The district attorney's office is investigating a complaint that the City Council may have violated the state's open meeting law in hiring a lawyer to defend three council members sued over the wording of ballot arguments.
"Right now, we have investigators in the field interviewing some citizens who have complained," Deputy Dist. Atty. Gregory J. Robischon said Tuesday. "We don't know how long the investigation will take."
The possibility that the City Council might have violated the Ralph M. Brown Act--intended to keep governmental bodies from acting secretly--was first raised at council meetings.
The concerns were about a decision by council members Gwen Forsythe, Marilyn Bruce Hastings and Frank Laszlo to hire attorney Tom Feeley to represent them.
Feeley defended the three council members in lawsuits filed by the city clerk and council members Joe Hunt and Edna Wilson. The lawsuits claimed that the wording of ballot arguments for the June 4 election was misleading.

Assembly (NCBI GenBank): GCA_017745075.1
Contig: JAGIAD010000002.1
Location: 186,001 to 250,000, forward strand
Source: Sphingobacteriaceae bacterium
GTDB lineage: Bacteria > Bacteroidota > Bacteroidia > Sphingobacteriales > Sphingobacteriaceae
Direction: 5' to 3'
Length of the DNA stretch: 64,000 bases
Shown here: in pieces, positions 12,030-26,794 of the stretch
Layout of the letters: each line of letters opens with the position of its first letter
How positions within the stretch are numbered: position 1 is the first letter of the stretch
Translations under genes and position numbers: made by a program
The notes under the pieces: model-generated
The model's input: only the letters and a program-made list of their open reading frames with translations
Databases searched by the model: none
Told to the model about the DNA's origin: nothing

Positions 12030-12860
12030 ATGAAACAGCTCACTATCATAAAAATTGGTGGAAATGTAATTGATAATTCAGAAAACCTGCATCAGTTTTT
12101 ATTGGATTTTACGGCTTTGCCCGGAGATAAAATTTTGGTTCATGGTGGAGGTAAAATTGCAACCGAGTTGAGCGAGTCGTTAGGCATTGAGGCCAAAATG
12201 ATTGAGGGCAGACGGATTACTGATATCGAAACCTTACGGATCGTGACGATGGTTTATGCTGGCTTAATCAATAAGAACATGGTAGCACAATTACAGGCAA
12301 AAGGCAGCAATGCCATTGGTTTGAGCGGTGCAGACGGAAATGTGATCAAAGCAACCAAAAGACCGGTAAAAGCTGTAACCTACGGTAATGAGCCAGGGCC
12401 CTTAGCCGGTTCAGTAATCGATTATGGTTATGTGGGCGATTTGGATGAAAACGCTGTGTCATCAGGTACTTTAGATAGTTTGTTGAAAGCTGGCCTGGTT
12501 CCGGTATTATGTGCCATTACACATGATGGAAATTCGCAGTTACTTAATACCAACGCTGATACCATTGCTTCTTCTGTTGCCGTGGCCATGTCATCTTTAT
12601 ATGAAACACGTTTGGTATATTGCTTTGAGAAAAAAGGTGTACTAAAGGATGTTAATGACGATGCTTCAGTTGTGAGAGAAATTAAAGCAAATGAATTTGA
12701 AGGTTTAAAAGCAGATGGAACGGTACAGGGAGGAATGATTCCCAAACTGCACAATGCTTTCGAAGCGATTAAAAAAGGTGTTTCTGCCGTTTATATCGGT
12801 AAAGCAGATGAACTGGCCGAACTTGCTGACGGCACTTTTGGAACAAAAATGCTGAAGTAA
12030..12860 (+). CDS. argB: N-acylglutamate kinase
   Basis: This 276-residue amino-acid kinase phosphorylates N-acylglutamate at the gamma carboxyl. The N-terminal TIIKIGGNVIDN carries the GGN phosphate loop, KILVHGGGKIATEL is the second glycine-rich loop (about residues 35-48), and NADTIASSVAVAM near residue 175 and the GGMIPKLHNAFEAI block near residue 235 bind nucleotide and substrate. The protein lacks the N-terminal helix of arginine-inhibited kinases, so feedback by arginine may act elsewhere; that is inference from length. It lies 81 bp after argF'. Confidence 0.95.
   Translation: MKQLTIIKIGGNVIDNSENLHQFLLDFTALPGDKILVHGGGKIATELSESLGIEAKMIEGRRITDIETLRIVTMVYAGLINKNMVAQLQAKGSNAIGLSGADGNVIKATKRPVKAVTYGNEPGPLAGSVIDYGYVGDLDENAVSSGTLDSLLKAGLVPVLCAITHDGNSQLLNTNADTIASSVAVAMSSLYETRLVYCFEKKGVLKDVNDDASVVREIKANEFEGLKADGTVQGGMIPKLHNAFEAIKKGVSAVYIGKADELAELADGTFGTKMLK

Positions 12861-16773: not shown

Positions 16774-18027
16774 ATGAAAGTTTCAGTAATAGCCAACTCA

Feeley also filed a countersuit against Hunt and Wilson, whose legal fees were paid by a Mola Development Corp.-sponsored committee that supported Measure A, which proposed building 329 homes on the old Hellman Ranch property. Voters defeated both Measure A and the competing Measure B.
Former Councilman Hunt, who resigned earlier this month, questioned the decision to hire Feeley because it was never publicly discussed. The first time the issue was aired in council chambers was when Forsythe, Hastings and Laszlo approved the payment of $10,000 to Feeley's law firm.
The council majority and city attorney have defended their actions and said there was no violation of the Brown Act. They contend that the city manager and city attorney handled the hiring of the attorney. The city charter gives that power to the City Council, but City Atty. Quinn Barrow said that power might also extend to other city officials under certain circumstances.